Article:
So, where I'm going with this. The hoarding is an issue, yes, but there's always been something in the relationship that has blocked me from being able to offer assistance. Whenever I offer help, or offer to hire a cleaning service, or try to do anything around the house, I think she sees it as me attempting to exert control over her. If she can't control her surroundings, then she feels the same controlling influence of her father dominating her life. She can't hire a cleaner, because that cleaner would have control. She can't let me clear counters, even if that means that I'll finally be able to do the dishes, because that means that I'm in control of that specific area. The panic attacks are flashbacks to the abuse of her past.

Yes, she's a hoarder, but the hoarding isn't the reason we live in filth. The filth is her control issues coming out; her unwillingness to relinquish the little control she feels she has over her life, coupled with her inability to keep up with chores. And sadly, as with many abusive relationships, her powerless feeling turns her into the controller and the cycle perpetuates. I'm terrified for my son now, and what this means for his future.
Posted: 09 October 2015 - 02:56 PM
Hi Ralph :)
Glad to hear your child is gaining weight.
You, as the Father, must do whatever it takes to keep your child happy and healthy.
Sorry you have so many hard decisions to make.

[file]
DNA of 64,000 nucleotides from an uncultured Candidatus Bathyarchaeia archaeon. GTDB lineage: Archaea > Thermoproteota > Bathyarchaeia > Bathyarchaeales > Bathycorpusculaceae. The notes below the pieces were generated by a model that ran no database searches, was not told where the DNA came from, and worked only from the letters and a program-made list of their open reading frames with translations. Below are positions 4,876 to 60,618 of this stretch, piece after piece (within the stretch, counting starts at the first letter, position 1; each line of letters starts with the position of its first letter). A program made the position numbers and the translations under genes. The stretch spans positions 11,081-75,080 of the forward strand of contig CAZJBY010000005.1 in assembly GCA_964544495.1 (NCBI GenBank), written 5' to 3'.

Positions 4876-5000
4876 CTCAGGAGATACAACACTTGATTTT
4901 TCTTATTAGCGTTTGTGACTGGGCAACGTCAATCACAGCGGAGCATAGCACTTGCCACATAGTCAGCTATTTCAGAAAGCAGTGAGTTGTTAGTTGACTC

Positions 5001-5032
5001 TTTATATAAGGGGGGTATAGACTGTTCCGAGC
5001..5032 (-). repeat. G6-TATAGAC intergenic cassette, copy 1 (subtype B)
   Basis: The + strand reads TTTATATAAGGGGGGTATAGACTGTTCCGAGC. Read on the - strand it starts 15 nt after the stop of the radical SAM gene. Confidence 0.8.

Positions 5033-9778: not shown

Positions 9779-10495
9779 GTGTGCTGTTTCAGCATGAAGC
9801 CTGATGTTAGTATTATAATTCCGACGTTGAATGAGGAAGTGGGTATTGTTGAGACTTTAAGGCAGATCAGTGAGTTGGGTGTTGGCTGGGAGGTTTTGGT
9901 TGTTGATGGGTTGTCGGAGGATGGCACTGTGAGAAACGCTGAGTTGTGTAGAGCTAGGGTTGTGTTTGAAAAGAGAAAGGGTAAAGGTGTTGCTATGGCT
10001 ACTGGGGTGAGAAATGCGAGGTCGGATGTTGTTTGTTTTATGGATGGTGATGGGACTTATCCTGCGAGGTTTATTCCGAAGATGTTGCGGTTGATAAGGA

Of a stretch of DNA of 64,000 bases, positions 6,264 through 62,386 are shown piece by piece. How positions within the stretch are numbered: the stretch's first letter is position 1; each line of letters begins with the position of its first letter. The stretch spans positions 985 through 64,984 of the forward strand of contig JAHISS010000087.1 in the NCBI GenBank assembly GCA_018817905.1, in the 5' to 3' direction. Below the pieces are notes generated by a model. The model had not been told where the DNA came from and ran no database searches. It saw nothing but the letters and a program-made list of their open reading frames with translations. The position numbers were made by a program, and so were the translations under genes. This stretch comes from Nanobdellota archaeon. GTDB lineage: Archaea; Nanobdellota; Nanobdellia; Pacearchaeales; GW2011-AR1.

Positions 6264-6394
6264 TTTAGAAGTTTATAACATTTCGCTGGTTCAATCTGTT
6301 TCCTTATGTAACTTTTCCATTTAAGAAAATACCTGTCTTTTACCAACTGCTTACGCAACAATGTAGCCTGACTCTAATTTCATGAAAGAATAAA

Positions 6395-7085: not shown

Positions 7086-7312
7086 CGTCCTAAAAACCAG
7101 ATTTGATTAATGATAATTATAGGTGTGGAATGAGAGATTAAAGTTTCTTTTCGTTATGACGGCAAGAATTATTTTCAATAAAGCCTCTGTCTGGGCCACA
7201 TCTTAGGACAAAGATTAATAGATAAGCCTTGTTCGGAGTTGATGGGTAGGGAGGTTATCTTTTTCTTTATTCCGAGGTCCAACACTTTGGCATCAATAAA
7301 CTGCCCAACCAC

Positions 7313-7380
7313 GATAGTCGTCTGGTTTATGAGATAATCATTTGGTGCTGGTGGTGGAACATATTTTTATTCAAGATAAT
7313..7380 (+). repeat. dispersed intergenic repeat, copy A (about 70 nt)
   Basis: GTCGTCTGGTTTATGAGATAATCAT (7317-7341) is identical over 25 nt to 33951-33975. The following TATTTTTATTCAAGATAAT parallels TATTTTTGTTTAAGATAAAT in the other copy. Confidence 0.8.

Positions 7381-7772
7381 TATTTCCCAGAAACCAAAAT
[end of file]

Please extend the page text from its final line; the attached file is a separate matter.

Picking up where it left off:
Best wishes
Posted: 09 October 2015 - 12:49 PM
Sadly, we never met with the Doctor due to a scheduling conflict, and my wife hasn't taken any more effort to work on the issue since then. The situation has gotten much worse.

She had been ignoring our Pediatrician's advice about feeding our child, and our child dropped down to the 10th percentile in weight for his age. That's frightening because he's also in the top 99th percentile for height. We ended up getting CPS called on us, and I told the Pediatrician I was OK with that, but they never showed up. The threat of having our child taken away from us was enough to get my wife to agree to outside help to perform a cleanup, and to allow me to take an active role in feeding our son. We used to fight whenever I expressed those concerns. He started gaining weight afterward, so he's OK. I still worry about long-term consequences of his malnutrition at such an early age, and I'm wary of my wife's future conduct in this area. She has mentally re-written the Pediatrician's advice in recent months, at times making it sound like he was the reason our child was underweight (she ignores the chart that shows our child's move to formula being the start of a direct line of his weight gain up to the 80th percentile).